LW: How did you like the exhibiton of Evi Ivan’s paintings in Cologne?
RG: What can you say if someone spends a lot of energy painting your likeness – she’s a very good painter, I find her very inspiring as a painter, I like the freedom that she throws the paint around, sureness. I think it’s just a great honour to have that, least I could do is go and have a look at it. I’d never actually seen the paintings in reality, I’d only seen prints before, and I actually was amazed at how large some of them were. I’d only seen them in a small format. She’s a lovely painter and some of her paintings, not of the band, some landscapes and stuff are truly inspiring. Great.
LW: I think it’s very nice of you to actually go there and see the paintings.
RG: She’s a lovely person. Anything I can do to help her get some success or recognition is the least I could do.
LW: We talked about your “corridor photos” – there’s another photo on your web page that I like very much. It shows a million cameras pointing at you – did you take that photo yourself?
LW: Do you remember where it was, or in what situation?
RG: It’s somewhere in the far east, I think it’s either Kuala Lumpur or somewhere like that, I can’t remember exactly, I’d have to probably go through my journals to find out.
LW: I think it’s really intriguing that you’re actually putting the visitor of your site into your position. You get to change views. All of a sudden you’re looking at the cameras from the other side. I think that’s really fascinating.
RG: It’s an interesting thing just to have that many cameras pointing at you. The first time it happened is quite unnerving. You get very self-conscious and stuff. I’ve lost the point of being self-conscious now, I am what I am, take it or leave it, that I suppose comes with experience. I suppose when I was younger I tried to live up to the image that I thought I should be projecting, that of a hard core musician, hard rock band, you know, and someone intelligent, trying to say the right thing and of course ended up stumbling over my words. I learned to relax in front of cameras, but it is an usual situation to be in, to be faced with that phalanx, that’s the word, a phalanx of cameras – lovely word.
LW: Especially for the visitor who’s usually not in the situation, it’s very unusual.
RG: Every now and again you find yourself in bizarre situations. The first time we went to Poland, I got a taste of what it must have been like to be in the Beatles, because they went nuts. We had a police escort, there were people hanging out of balconies and windows and just getting to the gig, there were thousands of people in the streets, sort of trying to catch a glimpse of us. That’s a bizarre situation to be in, I can’t imagine what the Beatles went through, that kind of world attention, or Michael Jackson for example, anyone that famous, must be really surreal at times. I don’t envy them. I’ve always felt very grateful that Deep Purple have achieved some great popularity in the world but we were always fairly anonymous, we were pretty much allowed to be ourselves, going to supermarkets or going down the streets, no one usually bothers me.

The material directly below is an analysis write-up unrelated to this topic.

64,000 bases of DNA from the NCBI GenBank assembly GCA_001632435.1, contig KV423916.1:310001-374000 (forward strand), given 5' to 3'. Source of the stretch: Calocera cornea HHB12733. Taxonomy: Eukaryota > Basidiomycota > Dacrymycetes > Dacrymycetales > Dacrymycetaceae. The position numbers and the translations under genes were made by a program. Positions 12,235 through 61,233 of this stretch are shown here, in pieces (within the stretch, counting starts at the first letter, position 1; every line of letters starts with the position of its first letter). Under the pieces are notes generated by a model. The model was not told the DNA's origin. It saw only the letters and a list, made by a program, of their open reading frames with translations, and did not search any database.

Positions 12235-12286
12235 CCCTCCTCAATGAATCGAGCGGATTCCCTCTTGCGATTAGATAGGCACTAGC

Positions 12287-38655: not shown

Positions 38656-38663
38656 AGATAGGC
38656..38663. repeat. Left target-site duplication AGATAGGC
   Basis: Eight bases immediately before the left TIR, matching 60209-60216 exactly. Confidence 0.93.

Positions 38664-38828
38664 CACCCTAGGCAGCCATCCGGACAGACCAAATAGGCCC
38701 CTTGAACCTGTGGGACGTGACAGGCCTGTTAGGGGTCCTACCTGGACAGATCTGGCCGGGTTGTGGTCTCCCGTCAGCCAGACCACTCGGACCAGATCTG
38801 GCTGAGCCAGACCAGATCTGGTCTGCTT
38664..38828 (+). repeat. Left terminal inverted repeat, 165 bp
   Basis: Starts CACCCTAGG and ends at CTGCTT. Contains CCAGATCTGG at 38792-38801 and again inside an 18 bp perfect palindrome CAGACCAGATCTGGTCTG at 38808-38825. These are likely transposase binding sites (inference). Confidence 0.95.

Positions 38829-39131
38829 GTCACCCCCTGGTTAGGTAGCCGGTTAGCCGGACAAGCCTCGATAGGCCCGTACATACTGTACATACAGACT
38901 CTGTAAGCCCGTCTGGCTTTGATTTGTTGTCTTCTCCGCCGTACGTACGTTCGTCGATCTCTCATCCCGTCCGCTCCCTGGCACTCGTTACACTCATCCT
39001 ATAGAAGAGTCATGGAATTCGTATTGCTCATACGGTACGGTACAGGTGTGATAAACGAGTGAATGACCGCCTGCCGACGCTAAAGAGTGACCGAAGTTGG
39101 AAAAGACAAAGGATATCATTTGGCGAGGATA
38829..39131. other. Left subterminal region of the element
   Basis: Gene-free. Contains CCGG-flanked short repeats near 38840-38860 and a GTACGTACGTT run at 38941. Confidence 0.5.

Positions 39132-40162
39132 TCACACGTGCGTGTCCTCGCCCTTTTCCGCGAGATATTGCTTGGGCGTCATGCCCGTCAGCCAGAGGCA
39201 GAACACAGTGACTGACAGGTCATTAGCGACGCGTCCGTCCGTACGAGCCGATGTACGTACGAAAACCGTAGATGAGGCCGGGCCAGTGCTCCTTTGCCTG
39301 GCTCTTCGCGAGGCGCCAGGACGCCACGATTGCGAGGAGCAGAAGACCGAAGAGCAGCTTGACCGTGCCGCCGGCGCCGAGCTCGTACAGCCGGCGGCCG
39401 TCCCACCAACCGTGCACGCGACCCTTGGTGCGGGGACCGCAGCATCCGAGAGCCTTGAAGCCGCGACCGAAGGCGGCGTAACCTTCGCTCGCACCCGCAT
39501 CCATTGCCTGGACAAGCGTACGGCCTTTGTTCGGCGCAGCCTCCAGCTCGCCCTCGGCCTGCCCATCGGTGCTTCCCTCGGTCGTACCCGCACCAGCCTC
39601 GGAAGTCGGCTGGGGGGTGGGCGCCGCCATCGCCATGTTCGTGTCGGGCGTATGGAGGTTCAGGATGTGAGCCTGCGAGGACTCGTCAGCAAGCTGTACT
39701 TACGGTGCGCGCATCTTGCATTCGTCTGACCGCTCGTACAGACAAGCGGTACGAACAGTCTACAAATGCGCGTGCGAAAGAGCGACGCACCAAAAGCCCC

LW: Final question: Following the show in Dortmund, you mentioned that you are planning a new solo album, and you also mentioned just now. Would you like to tell us any details about that project, a follow-up project to “Snapshot”?
RG: There’s nothing really to tell, I constantly write songs, well, I constantly start songs, I don’t always finish them. I think Snapshot was a really good experience, I enjoyed making that very much, it was great to get some of my old songs out instead of sitting on a shelf somewhere. One of the songs was written in 1978, and it’s been hanging around ever since, I never knew what to do with it until I did Snapshot. That was the “Bargain Basement”. And there’s lots of songs and stuff.
While I’m sitting at home, I don’t write Deep Purple songs. It’s almost impossible to write a Deep Purple song, because Deep Purple songs evolve out of all members of the band together, it’s a kind of chemistry, it’s a playing thing. But writing at home is different, because I’m home, because it’s quiet, I usually pick up an acoustic guitar, it’s usually a more introverted song, a sensitive song, I guess I’m naturally more a singer and song writer.
AS: Do you know which people will be involved in the project? Same as on Snapshot?
RG: I would certainly start out with that intention, yes. I enjoyed working with Randell Bramblett very much, I enjoyed working with Joe Bonadio, the drummer, very much, all the other musicians, Joe Mennonna, the guitarists – I was very lucky actually, I had some gerat performances from people I’d not met before, so certainly I would start off with that. Probably the one thing I would do is include my daughter more.
I want to do some writing with her because she’s actually more experienced now. She’s in a band and she’s done some recording with other musicians, and she’s actually evolved into a fine singer. She has a particular kind of voice, I wanted to write from her point of view rather than have her just sing my songs. So, as difficult as it is, because she lives in London, I live in a suitcase, to get together, we did manage to get 24 hours together in which we did two songs so we’ve got two songs and we want to do some more stuff together. I also want to sing more myself. I don’t want to sing the whole album, I certainly think Randell has a killer voice, but I would like to do maybe two or three songs than just the one. What can I tell you about the songs? I don’t know, I think maybe in some ways they reflect my private life which has gone through some upheaval in the last couple of years, and the songs tend to be kind of written from a point of view of experience. Actually, I’m trying to change a little bit now because I played some ideas to some of my family and my mother said “They’re all sad!”. So I’m trying to write not such sad songs. But you can’t talk about songs really, you have to listen to them. It’s hard to talk about them. It’s like trying to describe the Mona Lisa – “Woman with a smile” doesn’t quite make it.
for a complete version of the interview (including several DEEP PURPLE questions), head over to The Aviator